Research
Print page Print page
Switch language
The Capital Region of Denmark - a part of Copenhagen University Hospital
Published

Comparable results of autologous and allogeneic haematopoietic stem cell transplantation for adults with Philadelphia-positive acute lymphoblastic leukaemia in first complete molecular remission: An analysis by the Acute Leukemia Working Party of the EBMT

Research output: Contribution to journalJournal articleResearchpeer-review

  • Sebastian Giebel
  • Myriam Labopin
  • Michael Potter
  • Xavier Poiré
  • Henrik Sengeloev
  • Gerard Socié
  • Anne Huynh
  • Boris V Afanasyev
  • Urs Schanz
  • Olle Ringden
  • Peter Kalhs
  • Dietrich W Beelen
  • Antonio M Campos
  • Tamás Masszi
  • Jonathan Canaani
  • Mohamad Mohty
  • Arnon Nagler
View graph of relations

BACKGROUND: Allogeneic haematopoietic stem cell transplantation (alloHSCT) is considered a standard treatment for patients with Philadelphia chromosome-positive acute lymphoblastic leukaemia (Ph+ ALL) achieving complete remission after induction containing tyrosine kinase inhibitors (TKIs).

METHODS: We retrospectively compared results of myeloablative alloHSCT from either matched sibling donor (MSD) or unrelated donor (URD) with autologous (auto) HSCT for adults with Ph+ ALL in molecular remission, treated between 2007 and 2014.

RESULTS: In univariate analysis, the incidence of relapse at 2 years was 47% after autoHSCT, 28% after MSD-HSCT and 19% after URD-HSCT (P = 0.0002). Respective rates of non-relapse mortality were 2%, 18%, and 22% (P = 0.001). The probabilities of leukaemia-free survival were 52%, 55% and 60% (P = 0.69), while overall survival rates were 70%, 70% and 69% (P = 0.58), respectively. In multivariate analysis, there was a trend towards increased risk of overall mortality after MSD-HSCT (hazard ratio [HR], 1.5, P = 0.12) and URD-HSCT (HR, 1.6, P = 0.08) when referred to autoHSCT. The use of total body irradiation (TBI)-based regimens was associated with reduced risk of relapse (HR, 0.65, P = 0.02) and overall mortality (HR, 0.67, P = 0.01).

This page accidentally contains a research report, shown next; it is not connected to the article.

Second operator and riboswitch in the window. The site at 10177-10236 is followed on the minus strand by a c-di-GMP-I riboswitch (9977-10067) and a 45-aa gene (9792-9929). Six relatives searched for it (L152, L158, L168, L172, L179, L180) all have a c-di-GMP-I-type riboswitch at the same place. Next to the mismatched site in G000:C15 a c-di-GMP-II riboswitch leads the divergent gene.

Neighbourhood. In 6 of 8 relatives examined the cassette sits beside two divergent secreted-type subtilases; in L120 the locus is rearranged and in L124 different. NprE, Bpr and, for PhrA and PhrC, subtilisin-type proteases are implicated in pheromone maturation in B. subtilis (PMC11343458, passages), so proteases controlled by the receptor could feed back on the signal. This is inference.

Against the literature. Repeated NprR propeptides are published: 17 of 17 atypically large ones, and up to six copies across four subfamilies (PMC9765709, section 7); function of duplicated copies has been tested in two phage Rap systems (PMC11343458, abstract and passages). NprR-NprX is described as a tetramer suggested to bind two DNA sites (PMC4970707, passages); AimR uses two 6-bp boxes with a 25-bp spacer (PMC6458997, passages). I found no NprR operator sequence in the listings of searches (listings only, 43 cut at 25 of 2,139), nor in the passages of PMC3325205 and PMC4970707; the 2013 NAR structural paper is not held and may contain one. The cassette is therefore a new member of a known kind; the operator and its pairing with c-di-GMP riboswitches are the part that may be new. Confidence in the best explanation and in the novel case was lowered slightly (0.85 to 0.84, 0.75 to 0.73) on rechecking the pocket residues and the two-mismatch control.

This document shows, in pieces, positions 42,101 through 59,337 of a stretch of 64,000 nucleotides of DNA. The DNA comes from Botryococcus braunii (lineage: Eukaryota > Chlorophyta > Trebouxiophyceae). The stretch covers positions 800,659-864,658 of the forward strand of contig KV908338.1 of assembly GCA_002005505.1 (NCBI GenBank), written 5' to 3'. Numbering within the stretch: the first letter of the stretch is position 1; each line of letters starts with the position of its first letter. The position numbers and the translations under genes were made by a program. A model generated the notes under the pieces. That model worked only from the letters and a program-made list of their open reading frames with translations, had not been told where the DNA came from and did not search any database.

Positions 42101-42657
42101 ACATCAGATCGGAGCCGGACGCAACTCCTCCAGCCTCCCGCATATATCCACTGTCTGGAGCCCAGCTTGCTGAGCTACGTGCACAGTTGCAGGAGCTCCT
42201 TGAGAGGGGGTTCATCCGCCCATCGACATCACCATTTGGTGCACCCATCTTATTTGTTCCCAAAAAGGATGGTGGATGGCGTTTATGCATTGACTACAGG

CONCLUSION: In the era of TKIs, outcomes of myeloablative autoHSCT and alloHSCT for patients with Ph+ ALL in first molecular remission are comparable. Therefore, autoHSCT appears to be an attractive treatment option potentially allowing for circumvention of alloHSCT sequelae. Irrespective of the type of donor, TBI-based regimens should be considered the preferable type of conditioning for Ph+ ALL.

Original languageEnglish
JournalEuropean journal of cancer (Oxford, England : 1990)
Volume96
Pages (from-to)73-81
Number of pages9
ISSN0959-8049
DOIs
Publication statusPublished - Jun 2018

    Research areas

  • Adolescent, Adult, Aged, Clinical Decision-Making, Europe, Female, Genetic Predisposition to Disease, Hematopoietic Stem Cell Transplantation/adverse effects, Humans, Israel, Male, Middle Aged, Phenotype, Philadelphia Chromosome, Precursor Cell Lymphoblastic Leukemia-Lymphoma/enzymology, Protein Kinase Inhibitors/therapeutic use, Registries, Remission Induction, Retrospective Studies, Risk Factors, Time Factors, Transplantation Conditioning/methods, Transplantation, Autologous, Transplantation, Homologous, Treatment Outcome, Young Adult

ID: 56566622